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Swiss put all cards on high yield bonds

In Switzerland, there are more investors planning to increase exposure to high-yield bonds than to all other fixed income categories combined.


PA Europe

Only a year ago, when the oil price had just started its unprecedented descent, the asset class was hugely unpopular, with sellers clearly outstripping buyers. Now the picture is very different: some 38% of Switzerland’s fund buyers plan to buy more high-yield bonds, while there are almost no bears around anymore. Finland is the only country where appetite for the asset class is even greater.

When our researcher visited Zurich this autumn, local fund selectors told him they are adding to their high-yield bond positions simply because they can’t anymore find satisfactory returns in the investment-grade bond space. It’s almost impossible to find an investor in Switzerland who wants to increase exposure to government bonds, though perhaps this shouldn’t be a surprise: Swiss 10-year government bonds trade at -0.2% at the moment.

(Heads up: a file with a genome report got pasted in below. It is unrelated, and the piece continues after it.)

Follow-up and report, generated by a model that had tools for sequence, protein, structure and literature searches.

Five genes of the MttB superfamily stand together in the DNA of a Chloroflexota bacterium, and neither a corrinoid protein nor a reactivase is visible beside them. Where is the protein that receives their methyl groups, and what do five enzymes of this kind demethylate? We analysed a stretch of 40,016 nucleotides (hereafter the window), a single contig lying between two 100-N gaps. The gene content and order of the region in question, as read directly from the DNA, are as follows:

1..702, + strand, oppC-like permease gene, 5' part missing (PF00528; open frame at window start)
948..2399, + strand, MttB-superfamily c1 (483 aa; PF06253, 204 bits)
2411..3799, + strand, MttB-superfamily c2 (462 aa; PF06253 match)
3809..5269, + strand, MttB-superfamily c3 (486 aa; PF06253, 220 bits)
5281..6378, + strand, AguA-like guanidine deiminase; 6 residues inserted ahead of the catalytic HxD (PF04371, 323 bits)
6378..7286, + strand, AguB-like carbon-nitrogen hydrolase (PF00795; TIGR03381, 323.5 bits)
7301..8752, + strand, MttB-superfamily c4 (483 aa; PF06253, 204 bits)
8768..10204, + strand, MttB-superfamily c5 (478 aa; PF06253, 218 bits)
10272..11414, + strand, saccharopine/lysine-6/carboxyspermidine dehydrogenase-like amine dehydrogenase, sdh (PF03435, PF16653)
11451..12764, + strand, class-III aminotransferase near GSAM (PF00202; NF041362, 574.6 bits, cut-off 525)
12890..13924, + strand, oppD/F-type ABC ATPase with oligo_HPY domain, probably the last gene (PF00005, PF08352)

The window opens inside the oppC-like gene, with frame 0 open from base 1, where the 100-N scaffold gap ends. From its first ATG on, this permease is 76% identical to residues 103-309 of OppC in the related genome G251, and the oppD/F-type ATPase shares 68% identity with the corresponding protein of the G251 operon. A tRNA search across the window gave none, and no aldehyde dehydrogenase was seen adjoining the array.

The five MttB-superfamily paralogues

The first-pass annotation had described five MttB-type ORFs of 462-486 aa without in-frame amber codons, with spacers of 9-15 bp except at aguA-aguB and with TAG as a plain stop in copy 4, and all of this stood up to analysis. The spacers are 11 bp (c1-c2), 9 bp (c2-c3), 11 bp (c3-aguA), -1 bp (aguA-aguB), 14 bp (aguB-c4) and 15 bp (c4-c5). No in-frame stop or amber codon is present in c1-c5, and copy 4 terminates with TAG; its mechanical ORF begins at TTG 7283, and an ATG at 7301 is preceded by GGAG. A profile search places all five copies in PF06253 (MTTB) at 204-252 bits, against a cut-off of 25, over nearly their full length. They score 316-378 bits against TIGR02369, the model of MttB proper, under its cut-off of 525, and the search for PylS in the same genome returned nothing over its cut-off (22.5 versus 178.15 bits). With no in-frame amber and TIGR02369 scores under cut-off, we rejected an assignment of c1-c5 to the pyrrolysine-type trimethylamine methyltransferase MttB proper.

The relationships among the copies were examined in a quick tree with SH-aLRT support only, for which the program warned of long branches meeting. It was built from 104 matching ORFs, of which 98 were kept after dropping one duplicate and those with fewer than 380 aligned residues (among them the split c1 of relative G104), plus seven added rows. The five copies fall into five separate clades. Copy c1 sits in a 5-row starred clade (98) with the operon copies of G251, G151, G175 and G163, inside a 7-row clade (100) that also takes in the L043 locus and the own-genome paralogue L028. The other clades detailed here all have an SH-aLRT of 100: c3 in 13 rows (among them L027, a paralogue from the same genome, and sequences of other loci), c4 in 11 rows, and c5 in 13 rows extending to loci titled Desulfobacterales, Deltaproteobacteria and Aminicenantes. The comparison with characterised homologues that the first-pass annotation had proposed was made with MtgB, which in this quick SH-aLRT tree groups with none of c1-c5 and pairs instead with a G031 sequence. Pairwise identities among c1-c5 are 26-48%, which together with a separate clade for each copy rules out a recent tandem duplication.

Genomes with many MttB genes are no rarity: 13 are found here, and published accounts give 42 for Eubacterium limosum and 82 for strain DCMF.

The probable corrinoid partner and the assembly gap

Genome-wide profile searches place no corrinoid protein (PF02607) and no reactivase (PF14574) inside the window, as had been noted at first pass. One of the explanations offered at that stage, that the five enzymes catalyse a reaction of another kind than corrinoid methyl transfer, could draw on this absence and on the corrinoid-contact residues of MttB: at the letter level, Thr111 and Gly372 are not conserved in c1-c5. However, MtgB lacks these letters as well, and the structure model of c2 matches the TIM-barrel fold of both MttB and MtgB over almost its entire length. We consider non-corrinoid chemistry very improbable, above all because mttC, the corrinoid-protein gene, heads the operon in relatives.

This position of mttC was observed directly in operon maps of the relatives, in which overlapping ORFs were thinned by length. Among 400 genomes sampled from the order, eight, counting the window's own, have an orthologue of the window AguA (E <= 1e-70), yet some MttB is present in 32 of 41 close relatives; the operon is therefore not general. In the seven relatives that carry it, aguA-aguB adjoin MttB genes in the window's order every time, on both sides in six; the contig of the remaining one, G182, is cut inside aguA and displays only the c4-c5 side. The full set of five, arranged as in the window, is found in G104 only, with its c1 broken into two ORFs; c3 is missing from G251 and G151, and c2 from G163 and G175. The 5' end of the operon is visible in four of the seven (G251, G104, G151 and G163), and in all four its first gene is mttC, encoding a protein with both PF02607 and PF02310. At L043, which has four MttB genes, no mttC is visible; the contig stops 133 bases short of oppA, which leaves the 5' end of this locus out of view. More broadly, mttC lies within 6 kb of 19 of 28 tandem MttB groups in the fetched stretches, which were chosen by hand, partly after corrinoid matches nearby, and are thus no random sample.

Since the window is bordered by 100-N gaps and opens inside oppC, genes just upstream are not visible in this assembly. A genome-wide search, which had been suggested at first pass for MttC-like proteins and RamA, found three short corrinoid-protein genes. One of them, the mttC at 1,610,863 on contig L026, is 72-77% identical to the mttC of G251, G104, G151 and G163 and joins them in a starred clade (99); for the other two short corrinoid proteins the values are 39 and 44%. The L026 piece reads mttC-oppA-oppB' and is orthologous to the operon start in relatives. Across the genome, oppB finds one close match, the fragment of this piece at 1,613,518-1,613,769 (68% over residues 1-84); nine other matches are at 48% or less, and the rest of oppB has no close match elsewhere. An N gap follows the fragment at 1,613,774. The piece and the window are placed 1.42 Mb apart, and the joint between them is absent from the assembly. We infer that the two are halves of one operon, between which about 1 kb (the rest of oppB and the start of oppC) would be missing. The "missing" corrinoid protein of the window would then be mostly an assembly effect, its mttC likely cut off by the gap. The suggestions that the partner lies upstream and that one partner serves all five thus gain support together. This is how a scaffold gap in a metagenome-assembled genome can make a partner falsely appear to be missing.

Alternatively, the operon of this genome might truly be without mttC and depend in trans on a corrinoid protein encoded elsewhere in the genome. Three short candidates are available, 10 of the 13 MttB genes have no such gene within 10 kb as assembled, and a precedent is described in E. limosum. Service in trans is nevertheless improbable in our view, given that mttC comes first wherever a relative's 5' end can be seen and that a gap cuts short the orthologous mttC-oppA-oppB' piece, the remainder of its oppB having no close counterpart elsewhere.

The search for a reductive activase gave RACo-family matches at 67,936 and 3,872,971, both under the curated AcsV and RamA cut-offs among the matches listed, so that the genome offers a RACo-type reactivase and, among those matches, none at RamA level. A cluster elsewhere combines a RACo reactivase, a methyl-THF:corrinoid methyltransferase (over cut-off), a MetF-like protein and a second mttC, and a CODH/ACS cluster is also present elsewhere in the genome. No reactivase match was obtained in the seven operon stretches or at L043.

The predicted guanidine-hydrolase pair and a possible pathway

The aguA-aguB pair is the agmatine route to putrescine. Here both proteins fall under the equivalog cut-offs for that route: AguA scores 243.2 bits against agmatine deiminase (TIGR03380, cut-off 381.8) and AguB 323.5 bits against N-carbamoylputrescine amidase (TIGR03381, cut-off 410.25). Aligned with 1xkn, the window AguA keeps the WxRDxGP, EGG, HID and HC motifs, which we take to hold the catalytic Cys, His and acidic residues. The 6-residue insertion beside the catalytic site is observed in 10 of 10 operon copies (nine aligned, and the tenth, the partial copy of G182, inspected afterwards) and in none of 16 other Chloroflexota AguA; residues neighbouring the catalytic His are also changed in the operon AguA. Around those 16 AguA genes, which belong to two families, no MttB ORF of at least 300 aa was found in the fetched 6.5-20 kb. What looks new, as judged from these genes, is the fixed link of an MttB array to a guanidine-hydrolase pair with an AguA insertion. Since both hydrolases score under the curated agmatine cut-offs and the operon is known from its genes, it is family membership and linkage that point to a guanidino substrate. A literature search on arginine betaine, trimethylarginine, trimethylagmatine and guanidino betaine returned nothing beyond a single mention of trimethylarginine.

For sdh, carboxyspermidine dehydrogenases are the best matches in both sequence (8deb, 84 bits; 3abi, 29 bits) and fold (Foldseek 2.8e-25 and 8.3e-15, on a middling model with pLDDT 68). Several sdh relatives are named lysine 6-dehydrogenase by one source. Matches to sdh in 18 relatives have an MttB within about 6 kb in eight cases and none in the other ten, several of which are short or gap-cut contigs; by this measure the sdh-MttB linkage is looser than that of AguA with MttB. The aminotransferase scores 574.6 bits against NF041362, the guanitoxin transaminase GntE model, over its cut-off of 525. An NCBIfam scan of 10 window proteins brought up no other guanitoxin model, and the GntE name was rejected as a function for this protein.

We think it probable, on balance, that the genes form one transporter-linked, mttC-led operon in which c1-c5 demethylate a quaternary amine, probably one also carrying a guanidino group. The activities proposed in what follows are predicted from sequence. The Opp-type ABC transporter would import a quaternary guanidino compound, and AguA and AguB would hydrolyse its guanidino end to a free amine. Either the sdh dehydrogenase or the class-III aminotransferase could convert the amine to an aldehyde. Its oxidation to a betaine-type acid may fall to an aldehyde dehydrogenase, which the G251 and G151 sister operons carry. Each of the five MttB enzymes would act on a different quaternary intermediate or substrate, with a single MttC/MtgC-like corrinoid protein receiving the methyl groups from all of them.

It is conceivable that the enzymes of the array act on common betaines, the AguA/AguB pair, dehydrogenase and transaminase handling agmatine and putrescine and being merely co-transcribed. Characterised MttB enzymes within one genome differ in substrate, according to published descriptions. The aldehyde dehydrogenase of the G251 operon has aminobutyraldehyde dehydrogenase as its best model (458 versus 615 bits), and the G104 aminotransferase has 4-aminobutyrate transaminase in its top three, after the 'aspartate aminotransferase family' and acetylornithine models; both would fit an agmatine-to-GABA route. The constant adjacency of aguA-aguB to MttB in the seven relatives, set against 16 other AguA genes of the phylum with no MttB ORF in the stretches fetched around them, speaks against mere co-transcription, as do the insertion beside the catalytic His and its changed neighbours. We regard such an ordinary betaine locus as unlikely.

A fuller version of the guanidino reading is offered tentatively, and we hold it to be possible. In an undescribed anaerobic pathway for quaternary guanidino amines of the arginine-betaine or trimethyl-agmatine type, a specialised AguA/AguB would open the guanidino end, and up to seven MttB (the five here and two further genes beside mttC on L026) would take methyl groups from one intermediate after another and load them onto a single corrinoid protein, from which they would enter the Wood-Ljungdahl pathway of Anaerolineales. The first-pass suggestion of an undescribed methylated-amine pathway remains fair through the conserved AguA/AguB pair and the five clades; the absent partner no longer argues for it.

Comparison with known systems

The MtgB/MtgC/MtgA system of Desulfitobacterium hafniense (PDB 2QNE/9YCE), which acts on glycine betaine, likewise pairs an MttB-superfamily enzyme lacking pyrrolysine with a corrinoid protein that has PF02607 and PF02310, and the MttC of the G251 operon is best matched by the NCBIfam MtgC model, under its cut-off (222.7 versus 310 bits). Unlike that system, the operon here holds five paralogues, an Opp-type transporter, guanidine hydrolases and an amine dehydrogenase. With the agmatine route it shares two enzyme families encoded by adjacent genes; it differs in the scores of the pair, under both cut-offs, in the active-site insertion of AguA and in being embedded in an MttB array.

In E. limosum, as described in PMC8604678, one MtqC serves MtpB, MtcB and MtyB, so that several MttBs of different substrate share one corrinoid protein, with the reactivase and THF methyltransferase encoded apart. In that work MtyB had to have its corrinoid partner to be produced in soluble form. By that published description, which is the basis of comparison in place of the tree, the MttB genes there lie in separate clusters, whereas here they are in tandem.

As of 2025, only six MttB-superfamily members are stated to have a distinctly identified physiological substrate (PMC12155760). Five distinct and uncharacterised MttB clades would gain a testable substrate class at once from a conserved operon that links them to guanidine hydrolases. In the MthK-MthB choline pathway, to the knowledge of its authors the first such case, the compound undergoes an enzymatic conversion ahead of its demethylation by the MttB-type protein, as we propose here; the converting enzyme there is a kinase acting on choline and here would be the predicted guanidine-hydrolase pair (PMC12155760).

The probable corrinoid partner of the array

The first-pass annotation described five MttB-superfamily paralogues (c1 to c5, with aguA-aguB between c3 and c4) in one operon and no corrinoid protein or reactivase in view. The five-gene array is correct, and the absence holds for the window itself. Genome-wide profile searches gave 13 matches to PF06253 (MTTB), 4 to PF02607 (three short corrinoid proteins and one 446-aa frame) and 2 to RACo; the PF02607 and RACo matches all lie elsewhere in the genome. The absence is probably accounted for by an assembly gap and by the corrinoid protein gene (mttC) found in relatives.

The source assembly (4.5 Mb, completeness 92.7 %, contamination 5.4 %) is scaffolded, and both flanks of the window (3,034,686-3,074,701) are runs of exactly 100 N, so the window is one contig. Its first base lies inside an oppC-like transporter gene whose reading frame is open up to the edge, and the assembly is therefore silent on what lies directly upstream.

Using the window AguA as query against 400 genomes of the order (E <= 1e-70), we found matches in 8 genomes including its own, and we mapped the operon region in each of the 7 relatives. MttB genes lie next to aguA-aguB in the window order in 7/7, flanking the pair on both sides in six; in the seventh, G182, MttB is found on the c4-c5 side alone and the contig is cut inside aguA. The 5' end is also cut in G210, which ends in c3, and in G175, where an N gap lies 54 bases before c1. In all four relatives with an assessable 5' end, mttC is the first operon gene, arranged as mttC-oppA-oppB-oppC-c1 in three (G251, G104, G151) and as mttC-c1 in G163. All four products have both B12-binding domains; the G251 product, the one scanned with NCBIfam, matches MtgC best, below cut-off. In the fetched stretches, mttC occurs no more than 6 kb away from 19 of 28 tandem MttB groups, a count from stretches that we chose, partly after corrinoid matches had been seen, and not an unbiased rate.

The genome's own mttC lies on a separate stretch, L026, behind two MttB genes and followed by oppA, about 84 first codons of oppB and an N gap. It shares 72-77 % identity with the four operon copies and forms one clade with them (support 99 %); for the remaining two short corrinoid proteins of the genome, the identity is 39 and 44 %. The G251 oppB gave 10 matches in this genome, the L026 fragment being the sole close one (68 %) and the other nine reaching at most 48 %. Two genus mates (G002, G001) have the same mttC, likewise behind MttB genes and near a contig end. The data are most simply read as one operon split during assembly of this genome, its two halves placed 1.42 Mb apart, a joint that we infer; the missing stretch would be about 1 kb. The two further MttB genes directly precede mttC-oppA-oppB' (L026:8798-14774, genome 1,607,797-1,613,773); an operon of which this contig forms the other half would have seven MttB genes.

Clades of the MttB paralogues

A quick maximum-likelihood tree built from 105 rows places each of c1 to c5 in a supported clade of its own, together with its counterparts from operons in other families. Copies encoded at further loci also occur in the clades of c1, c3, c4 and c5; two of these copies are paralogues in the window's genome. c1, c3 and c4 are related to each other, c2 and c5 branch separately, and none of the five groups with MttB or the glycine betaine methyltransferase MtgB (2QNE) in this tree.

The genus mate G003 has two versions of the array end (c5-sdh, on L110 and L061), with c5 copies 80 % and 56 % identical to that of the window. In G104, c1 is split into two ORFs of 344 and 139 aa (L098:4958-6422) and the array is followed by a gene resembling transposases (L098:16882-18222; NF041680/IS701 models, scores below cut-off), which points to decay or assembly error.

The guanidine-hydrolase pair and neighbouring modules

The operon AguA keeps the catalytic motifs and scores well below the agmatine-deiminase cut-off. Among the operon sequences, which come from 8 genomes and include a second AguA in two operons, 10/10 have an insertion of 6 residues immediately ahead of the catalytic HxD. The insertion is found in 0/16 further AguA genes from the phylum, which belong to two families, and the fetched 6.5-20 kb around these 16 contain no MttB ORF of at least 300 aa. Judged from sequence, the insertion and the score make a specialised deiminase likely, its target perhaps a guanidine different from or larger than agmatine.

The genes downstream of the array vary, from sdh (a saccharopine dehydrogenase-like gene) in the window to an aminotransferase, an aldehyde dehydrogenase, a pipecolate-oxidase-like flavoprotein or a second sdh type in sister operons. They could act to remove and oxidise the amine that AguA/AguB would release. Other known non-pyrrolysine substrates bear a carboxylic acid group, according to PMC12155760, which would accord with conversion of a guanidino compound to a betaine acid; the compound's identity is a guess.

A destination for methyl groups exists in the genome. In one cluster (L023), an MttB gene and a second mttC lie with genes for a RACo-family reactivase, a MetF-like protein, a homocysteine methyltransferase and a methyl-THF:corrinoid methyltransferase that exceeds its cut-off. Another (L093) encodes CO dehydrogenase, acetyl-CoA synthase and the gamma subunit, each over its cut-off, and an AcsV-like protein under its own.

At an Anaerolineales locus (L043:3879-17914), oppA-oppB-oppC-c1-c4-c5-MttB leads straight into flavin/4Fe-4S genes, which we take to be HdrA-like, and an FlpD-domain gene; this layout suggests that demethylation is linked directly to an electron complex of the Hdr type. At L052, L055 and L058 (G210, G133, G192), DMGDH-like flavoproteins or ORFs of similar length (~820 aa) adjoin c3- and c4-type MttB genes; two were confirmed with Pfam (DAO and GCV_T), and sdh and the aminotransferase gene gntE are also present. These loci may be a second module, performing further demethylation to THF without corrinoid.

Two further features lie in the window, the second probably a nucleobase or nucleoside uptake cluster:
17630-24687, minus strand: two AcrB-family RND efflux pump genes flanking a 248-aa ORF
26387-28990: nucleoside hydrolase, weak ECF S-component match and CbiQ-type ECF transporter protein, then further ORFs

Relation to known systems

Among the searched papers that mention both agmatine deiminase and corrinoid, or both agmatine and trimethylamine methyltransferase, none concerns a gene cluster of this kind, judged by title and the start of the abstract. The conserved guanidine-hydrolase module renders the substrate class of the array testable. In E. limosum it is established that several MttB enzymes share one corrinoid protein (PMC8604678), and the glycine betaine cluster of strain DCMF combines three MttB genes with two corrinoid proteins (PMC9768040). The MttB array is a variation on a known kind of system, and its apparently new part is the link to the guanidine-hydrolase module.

Omar Gadsby, head of fixed income fund selection at Credit Suisse Private Banking in Zurich, has a simple, albeit quite demanding base criterion for bond investing: “For me to invest in it, the yield on a bond must be greater than its duration.” Indeed, in the investment grade sphere this is quite an impossible mission to find such a security. And Gadsby is as good as his word: he has turned to high-yield bonds.  

Short duration

“Three years ago, you could have achieved a return of 4% with only investment grade bonds. Now, you need a 90% exposure to high yield to realise that,” says Gadsby. “If you don’t want such a high allocation to high yield, you need to get extra yield through carry trades.”

Gadsby is also a fan of long/short bond funds. Moreover, he demands from his bond managers that they have a mandate to short. This is not an attitude shared generally in Switzerland. While long/short equity funds have quite a lot of fans, this is not the case for long/short bonds: though one in five interviewees plan to increase exposure, the majority are not invested in the asset class.



So instead of looking for a short component in their portfolios to reduce the higher risk associated with an overweight to non-investment grade bonds, the Swiss have reduced the duration of their bond portfolios: in the high yield bond space, short-duration is the rule rather than the exception.

Emerging market debt may offer even higher yields, but for the Swiss the asset class is anathema at the moment. About half of interviewees are not invested at all, and buyers are few and far between.